The Psychology of Self-Reflection

by Jan 2, 2020Leadership

The tradition of creating goals at this time of year is widespread and often they come with statements of resolve. This week, literally millions of articles about resolutions will be published. What we know from studying how people are able to make, and sustain change, is not easy to apply in the context of New Year’s Resolutions. This is why I suggest that, instead of making resolutions out of habit, you use a process based on the science of behavior change. It can help you make changes at any time, January 28th being as good as January 1st.

Self-reflection  

Richard Feynman, a Nobel Prize winning physicist, famously said that it is far easier to fool oneself than to fool someone else. He was right. The tendency for us to avoid what is unpleasant, especially when it involves admitting something about ourselves that is unflattering, is both entirely normal and, at times, very maladaptive.

I can easily admit that I am very bad at arithmetic, but I usually follow up that admission by saying that I have a nearly savant-like capacity for statistics. These statements are supported by the facts of my grades from elementary school through graduate school. This is a simple example of a powerful principle, the need to preserve a particular image of ourselves.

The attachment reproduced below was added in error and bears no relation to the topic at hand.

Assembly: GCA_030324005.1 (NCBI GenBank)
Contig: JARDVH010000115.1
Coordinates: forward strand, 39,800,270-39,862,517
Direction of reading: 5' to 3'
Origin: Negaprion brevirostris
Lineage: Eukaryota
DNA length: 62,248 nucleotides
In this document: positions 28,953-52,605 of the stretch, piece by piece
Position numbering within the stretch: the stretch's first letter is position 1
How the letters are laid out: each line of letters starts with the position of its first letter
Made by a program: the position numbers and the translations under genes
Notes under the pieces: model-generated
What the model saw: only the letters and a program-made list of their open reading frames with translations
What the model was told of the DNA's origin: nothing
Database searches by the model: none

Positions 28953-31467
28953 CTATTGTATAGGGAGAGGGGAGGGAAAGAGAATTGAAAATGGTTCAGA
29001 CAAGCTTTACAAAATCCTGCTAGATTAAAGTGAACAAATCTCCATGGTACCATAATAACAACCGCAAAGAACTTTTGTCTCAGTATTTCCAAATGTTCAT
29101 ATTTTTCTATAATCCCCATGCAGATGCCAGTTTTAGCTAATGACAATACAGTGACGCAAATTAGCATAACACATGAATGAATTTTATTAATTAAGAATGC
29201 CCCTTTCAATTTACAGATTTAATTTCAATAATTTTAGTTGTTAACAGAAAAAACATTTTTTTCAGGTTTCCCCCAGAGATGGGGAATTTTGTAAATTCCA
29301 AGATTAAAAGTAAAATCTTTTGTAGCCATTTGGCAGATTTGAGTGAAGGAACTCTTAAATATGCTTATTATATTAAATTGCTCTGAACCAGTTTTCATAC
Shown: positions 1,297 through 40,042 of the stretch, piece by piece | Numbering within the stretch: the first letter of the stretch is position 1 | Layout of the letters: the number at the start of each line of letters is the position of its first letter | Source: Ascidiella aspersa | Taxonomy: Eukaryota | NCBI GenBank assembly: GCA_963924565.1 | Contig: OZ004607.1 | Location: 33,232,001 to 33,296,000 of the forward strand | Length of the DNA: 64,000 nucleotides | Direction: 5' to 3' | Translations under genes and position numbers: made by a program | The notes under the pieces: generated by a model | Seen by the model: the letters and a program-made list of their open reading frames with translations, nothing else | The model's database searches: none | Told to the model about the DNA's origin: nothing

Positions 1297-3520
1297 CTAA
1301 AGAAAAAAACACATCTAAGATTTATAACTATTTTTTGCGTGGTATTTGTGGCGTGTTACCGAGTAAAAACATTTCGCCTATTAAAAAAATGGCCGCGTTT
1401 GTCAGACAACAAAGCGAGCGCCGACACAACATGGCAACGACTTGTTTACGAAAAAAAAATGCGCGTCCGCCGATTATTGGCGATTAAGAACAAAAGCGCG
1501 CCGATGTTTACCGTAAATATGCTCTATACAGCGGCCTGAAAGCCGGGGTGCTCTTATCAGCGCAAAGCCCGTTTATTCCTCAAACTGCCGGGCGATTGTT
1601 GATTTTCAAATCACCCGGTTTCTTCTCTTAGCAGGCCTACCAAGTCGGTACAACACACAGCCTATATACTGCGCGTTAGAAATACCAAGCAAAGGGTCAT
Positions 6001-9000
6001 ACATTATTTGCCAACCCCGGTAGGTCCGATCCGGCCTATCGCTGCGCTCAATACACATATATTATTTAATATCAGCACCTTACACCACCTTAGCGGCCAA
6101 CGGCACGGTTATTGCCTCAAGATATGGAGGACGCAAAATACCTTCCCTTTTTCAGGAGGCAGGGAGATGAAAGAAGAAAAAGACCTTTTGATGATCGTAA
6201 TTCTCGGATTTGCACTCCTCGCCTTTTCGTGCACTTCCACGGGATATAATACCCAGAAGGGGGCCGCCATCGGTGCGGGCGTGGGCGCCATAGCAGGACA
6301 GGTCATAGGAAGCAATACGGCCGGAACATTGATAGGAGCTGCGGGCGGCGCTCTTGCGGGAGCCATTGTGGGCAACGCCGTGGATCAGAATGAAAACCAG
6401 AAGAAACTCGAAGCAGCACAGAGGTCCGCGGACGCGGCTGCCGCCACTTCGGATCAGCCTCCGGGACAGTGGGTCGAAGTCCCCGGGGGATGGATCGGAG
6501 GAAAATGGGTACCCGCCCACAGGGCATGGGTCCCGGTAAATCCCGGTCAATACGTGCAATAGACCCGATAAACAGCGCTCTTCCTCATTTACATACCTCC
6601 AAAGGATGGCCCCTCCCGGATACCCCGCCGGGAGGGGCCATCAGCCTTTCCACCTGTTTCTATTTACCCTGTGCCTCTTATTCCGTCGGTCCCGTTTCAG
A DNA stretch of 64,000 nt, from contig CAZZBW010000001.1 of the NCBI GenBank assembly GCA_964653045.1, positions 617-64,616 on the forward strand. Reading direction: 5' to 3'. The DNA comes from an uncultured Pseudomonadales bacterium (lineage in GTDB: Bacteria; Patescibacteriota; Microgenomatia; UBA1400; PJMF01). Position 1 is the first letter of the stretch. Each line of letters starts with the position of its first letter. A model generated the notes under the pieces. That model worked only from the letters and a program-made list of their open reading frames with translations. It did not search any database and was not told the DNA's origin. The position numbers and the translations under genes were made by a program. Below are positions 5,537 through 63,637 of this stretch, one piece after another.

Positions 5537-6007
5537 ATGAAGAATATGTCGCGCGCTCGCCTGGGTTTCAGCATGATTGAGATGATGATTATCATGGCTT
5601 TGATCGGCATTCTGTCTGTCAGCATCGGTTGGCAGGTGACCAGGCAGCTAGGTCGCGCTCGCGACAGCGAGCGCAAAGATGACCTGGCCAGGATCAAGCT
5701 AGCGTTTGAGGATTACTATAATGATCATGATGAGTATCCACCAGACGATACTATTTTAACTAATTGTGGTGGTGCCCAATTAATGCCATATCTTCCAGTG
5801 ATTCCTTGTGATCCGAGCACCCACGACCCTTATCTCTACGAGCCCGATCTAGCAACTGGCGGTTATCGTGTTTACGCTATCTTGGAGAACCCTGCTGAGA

Instead of making resolutions out of habit, you use a process based on the science of behavior change. Click To Tweet

My example does show some self-knowledge, but it fails the ultimate test because it takes no courage whatsoever to admit that I am bad at arithmetic. This sort of self-reflection is insufficiently disruptive to create the kind of change that many of us seek. We need to rock our own boats. You can do that by asking yourself these questions and writing down your answers:

What?

  • What do I want?

Why?

  • Why do I want to make this change? Do I want to?

How?

  • What abilities did I use to make changes in the past?
  • What do I need to make this change that I don’t have ready access to?
  • Who can help me?

Now, ask yourself, “What would my answers be if I had greater courage?”

The answers with courage will almost always be different, even if only quantitatively. Courageous self-reflection helps us understand, in a highly personal way, what we want, why it is important, and what capacity we can rely upon in ourselves. Once we understand that, it’s far easier to admit what we need help to do and far more likely that we’ll ask for it.